Based on my own (limited) experience with sub-VHF groundwave communications, with a decent antenna and at least 100-150W of power out (which you can get with a 10m mobile transceiver and a small power amp, or a more expensive and powerful all-band HF rig) you'd have a fairly reasonable chance of having *some* communication, though it might not be easy or reliable.

As a disclaimer, while I've been licensed for about 15 years, I haven't seriously operated in almost 10, so my memory of some of the technicalities are a bit fuzzy. ;)

posted by jammer at 12:23 PM on April 5, 2007

If one of you is in reach of a repeater, and it's on the echolink network, perhaps that's what could hook you together. The one who isn't in range would use the VoIP side to get to the repeater.

The answer to "which rig" would be largely influenced on what, if any, repeater fits the bill.
posted by Steve3 at 12:42 PM on April 5, 2007

"It all depends" as they say.

I have a Tech+ license and have used my 10m voice rig (an old radio shack htx-100) at 100w to talk from San Francisco to the Mohave Desert, South America and the east coast.

It does depend on conditions, the sun spot cycle really can help or hurt you.

There is some software you can download that will give you estimates on whether you can 'work' a location or not on a certain frequency. Check out "amateur radio propagation software"

I justlooked to find good map based propagation web sites and was surprised I could easily find one. I used to use one that allowed you put put in your location and band and it would draw circles around your location with expected maximum communication distance.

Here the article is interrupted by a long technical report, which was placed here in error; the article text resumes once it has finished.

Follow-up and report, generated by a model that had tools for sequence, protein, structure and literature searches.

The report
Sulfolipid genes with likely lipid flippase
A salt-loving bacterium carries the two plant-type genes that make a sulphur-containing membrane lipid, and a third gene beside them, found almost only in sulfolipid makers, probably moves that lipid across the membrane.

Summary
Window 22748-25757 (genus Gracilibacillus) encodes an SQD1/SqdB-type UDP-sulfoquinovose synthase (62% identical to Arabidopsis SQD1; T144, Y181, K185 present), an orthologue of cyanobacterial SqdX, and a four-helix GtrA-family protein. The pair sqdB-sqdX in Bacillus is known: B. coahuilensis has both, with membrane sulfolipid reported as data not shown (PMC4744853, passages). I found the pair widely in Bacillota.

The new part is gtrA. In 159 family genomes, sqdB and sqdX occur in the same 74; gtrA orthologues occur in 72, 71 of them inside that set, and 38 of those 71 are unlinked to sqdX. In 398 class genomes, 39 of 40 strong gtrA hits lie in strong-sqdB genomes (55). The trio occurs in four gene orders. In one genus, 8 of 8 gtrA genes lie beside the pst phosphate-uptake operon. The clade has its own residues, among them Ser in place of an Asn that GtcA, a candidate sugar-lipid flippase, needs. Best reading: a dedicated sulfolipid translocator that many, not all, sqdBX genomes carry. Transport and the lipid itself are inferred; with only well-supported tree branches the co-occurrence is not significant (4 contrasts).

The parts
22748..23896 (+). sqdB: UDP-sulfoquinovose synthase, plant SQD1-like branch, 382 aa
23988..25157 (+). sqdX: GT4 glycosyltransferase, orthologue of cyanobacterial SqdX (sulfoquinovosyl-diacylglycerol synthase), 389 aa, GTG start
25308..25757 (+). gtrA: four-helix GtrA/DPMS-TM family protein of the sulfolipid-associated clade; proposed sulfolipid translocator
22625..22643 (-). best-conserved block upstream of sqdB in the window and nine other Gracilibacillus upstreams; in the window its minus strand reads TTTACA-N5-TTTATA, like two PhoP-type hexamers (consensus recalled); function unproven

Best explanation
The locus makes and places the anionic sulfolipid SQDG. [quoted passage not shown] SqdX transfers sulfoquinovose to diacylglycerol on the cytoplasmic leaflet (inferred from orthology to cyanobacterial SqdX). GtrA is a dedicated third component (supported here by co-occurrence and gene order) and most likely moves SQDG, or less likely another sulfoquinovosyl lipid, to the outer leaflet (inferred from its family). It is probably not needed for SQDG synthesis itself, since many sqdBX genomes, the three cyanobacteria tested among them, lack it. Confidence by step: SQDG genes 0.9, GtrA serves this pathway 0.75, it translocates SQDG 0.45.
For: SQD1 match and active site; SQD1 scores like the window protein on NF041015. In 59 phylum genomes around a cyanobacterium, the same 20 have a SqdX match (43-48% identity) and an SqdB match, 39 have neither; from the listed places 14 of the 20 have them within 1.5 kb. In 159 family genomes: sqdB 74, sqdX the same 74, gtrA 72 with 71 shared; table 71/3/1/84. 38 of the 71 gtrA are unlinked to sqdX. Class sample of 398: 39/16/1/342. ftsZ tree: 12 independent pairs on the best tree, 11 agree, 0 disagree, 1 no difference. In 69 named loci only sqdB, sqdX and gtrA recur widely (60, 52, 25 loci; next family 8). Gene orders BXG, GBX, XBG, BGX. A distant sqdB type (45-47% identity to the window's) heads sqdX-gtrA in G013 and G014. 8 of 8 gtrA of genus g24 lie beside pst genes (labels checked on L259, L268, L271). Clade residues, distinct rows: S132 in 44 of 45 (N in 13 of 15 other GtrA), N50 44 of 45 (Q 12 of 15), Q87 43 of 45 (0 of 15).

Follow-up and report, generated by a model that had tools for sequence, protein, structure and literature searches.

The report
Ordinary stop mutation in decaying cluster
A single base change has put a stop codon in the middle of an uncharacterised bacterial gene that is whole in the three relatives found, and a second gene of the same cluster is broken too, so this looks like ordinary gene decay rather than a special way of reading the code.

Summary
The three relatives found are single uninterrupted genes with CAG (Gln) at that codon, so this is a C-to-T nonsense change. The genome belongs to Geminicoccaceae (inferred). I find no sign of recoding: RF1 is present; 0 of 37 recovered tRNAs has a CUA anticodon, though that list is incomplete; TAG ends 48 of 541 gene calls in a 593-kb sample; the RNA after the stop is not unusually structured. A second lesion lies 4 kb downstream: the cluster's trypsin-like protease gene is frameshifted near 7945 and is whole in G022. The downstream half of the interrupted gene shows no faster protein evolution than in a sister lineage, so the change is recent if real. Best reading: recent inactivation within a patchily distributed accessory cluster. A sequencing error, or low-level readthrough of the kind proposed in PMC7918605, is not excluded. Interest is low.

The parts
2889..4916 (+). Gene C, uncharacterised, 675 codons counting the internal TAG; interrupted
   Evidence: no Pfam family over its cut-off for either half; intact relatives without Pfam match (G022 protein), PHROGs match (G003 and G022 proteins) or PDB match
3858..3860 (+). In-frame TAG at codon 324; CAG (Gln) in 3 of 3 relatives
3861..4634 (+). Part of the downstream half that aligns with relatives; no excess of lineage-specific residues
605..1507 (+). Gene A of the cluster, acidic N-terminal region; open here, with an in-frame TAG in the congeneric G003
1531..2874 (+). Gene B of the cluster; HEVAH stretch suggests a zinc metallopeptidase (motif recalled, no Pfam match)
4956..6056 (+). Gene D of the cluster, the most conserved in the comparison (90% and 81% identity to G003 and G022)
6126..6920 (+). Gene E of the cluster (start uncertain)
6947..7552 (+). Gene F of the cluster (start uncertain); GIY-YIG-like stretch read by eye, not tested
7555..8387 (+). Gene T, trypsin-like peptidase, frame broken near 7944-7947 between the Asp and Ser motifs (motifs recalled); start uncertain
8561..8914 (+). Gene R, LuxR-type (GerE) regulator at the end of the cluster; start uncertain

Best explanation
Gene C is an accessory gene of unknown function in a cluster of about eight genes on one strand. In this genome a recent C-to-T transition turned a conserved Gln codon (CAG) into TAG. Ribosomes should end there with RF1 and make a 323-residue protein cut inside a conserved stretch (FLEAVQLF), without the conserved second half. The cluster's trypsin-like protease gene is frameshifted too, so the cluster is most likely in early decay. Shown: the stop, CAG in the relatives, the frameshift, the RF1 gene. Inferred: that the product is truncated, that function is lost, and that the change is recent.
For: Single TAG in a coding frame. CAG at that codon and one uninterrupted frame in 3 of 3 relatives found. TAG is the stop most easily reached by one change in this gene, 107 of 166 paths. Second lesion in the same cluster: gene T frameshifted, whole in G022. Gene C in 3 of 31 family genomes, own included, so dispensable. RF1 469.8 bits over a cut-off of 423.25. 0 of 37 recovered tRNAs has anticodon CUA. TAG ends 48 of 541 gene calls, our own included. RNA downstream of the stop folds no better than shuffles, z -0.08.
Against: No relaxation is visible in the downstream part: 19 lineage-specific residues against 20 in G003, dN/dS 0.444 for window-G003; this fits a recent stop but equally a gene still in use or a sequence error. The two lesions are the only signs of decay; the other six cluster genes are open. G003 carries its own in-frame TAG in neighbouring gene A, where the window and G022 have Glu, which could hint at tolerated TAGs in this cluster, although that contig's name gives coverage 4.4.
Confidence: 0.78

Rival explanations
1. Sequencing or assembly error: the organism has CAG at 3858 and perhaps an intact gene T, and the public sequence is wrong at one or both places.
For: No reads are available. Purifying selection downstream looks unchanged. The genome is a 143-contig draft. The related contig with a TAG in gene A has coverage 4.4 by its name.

With "Line of sight" bands, like 2m, I've been able to talk very far away from mountain top to mountain top 10s of miles, but that was under perfect conditions.
posted by bottlebrushtree at 12:52 PM on April 5, 2007

Pig simple? Upgrade your license and get a 40 meter rig.
posted by kc0dxh at 1:05 PM on April 5, 2007 [1 favorite]

As others have said, if there's a UHF/VHF repeater that each of you have line-of-sight to, then it'll be easy. Since you're at the bottom of a valley, look for ones on the hills separating you from him. Using IRLP or Echolink to tie two repeaters together is an option, too.

FWIW, The FCC just changed the rules regarding morse testing. You can now get a General (or higher) license with just a written test. ~150 miles on HF sideband is pretty simple, and you could probably study and pass the General test with a week's work.
posted by toxic at 3:16 PM on April 5, 2007

yeah 40 or 75 mtrs on HF will work (but you'll need a General or higher license) or

find a repeater.

Google to find your local ham radio club and they should be able to help you with repeater questions and all else.

Good luck and 73
posted by birdsong at 4:00 PM on April 5, 2007 [1 favorite]

it'd be a lot easier to get a general class license or whatever is up above technician

i think i got mine when i was 16, it's not too hard....

at least not as hard as doing it on 40 or even 10 meters

then you can do it all oh HF
posted by Salvatorparadise at 4:51 PM on April 5, 2007 [1 favorite]